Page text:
This will happen if you
#include source files (.c)... you are supposed to (for the most part)
#include headers (.h). Headers generally provide function prototypes, typedefs, macros, etc. but leave out the actual implementation.
The actual implementation of functions, definitions of variables, etc. should happen exactly once per-compilation unit and usually in a
If you have other code that needs to re-use functions or variables defined in another compilation unit (e.g. Stack.c), you would
#include Stack.h which would provide the function prototypes, global variable names, etc. that you might need.
Once you compile all of your compilation units, it is the linker's job to figure out which object file or library a function or variable is defined in. You drastically complicate its job when you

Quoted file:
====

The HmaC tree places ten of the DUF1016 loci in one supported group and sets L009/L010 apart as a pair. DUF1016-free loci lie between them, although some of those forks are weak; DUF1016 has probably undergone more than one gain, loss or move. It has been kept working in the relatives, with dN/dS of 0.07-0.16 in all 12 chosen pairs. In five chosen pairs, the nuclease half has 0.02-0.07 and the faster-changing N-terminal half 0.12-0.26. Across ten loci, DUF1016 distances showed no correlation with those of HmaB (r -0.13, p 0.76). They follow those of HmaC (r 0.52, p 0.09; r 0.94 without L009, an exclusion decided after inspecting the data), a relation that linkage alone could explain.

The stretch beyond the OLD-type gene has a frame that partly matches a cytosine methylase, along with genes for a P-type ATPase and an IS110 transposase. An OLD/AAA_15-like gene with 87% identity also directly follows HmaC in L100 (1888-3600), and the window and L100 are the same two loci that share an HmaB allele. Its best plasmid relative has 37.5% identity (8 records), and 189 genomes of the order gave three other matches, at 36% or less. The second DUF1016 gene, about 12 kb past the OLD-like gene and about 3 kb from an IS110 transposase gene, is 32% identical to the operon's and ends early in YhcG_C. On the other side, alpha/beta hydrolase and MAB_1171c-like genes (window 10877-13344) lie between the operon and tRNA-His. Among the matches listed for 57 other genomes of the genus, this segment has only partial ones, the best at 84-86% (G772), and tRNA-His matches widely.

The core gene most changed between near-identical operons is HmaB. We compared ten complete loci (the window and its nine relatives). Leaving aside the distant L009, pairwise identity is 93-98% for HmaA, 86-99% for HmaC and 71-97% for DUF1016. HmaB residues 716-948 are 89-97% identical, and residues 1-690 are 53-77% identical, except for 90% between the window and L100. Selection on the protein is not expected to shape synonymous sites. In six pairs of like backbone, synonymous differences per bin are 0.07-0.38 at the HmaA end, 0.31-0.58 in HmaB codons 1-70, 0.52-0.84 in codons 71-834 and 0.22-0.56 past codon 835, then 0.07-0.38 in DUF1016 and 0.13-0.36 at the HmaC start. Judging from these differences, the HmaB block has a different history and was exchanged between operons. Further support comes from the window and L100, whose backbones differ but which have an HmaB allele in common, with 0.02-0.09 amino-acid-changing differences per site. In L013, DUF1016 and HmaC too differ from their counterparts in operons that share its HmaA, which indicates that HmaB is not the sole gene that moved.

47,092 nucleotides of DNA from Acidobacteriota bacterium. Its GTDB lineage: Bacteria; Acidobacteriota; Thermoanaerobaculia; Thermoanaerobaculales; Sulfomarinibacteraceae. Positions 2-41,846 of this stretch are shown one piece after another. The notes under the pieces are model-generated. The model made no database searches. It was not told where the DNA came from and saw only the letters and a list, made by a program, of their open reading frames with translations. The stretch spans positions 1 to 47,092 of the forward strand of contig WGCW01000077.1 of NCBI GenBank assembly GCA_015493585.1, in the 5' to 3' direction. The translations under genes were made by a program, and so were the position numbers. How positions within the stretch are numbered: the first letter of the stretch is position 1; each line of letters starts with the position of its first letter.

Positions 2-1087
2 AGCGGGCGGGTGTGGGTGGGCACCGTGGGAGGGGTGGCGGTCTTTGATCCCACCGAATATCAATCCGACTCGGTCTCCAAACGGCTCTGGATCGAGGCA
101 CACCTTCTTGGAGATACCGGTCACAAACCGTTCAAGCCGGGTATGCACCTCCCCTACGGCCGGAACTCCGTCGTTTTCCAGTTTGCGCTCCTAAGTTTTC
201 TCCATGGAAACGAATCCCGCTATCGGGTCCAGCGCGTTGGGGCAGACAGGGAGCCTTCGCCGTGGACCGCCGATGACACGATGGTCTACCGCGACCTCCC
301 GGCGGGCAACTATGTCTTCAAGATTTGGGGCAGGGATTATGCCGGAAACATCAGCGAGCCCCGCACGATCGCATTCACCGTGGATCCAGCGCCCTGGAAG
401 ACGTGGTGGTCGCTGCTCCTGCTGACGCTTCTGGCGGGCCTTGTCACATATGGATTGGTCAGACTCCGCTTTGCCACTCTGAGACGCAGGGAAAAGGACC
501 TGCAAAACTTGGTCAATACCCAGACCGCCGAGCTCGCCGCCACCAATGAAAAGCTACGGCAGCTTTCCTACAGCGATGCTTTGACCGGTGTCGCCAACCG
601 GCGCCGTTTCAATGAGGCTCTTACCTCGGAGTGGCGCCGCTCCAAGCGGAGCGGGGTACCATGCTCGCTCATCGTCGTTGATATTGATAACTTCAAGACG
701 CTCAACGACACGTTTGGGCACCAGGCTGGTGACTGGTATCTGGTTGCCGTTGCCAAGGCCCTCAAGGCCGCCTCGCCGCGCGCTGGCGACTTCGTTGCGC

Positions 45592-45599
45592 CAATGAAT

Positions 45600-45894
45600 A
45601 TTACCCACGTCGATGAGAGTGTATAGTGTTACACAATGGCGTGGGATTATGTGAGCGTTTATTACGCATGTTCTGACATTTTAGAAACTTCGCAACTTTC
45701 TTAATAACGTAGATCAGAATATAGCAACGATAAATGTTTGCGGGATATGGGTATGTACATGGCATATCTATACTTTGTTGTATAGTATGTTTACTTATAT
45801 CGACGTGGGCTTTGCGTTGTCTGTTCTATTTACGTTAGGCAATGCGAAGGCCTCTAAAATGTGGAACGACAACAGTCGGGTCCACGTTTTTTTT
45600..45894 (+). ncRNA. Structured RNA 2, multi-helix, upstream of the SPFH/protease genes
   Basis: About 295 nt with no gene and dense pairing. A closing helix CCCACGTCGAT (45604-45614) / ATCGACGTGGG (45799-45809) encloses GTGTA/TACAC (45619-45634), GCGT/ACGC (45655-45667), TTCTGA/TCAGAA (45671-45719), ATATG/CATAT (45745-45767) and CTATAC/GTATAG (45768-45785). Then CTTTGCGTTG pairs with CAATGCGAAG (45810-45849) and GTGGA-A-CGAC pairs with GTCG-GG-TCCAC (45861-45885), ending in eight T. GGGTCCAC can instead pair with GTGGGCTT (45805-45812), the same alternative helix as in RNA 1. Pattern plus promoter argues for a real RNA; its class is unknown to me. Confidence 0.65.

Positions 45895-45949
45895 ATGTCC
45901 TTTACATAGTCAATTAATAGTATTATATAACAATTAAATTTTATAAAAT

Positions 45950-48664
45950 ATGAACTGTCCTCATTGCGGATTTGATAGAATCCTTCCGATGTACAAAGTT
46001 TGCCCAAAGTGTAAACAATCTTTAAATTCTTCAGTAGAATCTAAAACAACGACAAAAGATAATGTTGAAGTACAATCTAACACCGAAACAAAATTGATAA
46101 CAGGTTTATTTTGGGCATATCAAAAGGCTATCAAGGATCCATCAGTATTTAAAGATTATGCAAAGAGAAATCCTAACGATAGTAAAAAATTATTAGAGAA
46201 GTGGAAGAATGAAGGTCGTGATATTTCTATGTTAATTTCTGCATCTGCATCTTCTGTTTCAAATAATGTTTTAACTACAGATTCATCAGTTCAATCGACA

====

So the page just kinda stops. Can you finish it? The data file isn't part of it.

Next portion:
#include "X.c" in another compilation unit, because then you wind up with multiple locations for the same thing (symbols, as the linker likes to call them).
In short, use headers and let the linker do its job.
On a related note, this has nothing to do with multiple-inheritance. That is an object-oriented issue, for languages like C++. The proper name for what you are describing is "symbol collision" or "duplicate symbols".
Node.cimplementation in its own source file; NOT included in multiple source files.
#include, which won't take you far. You should include header files (that contain definitions, not code), not source files.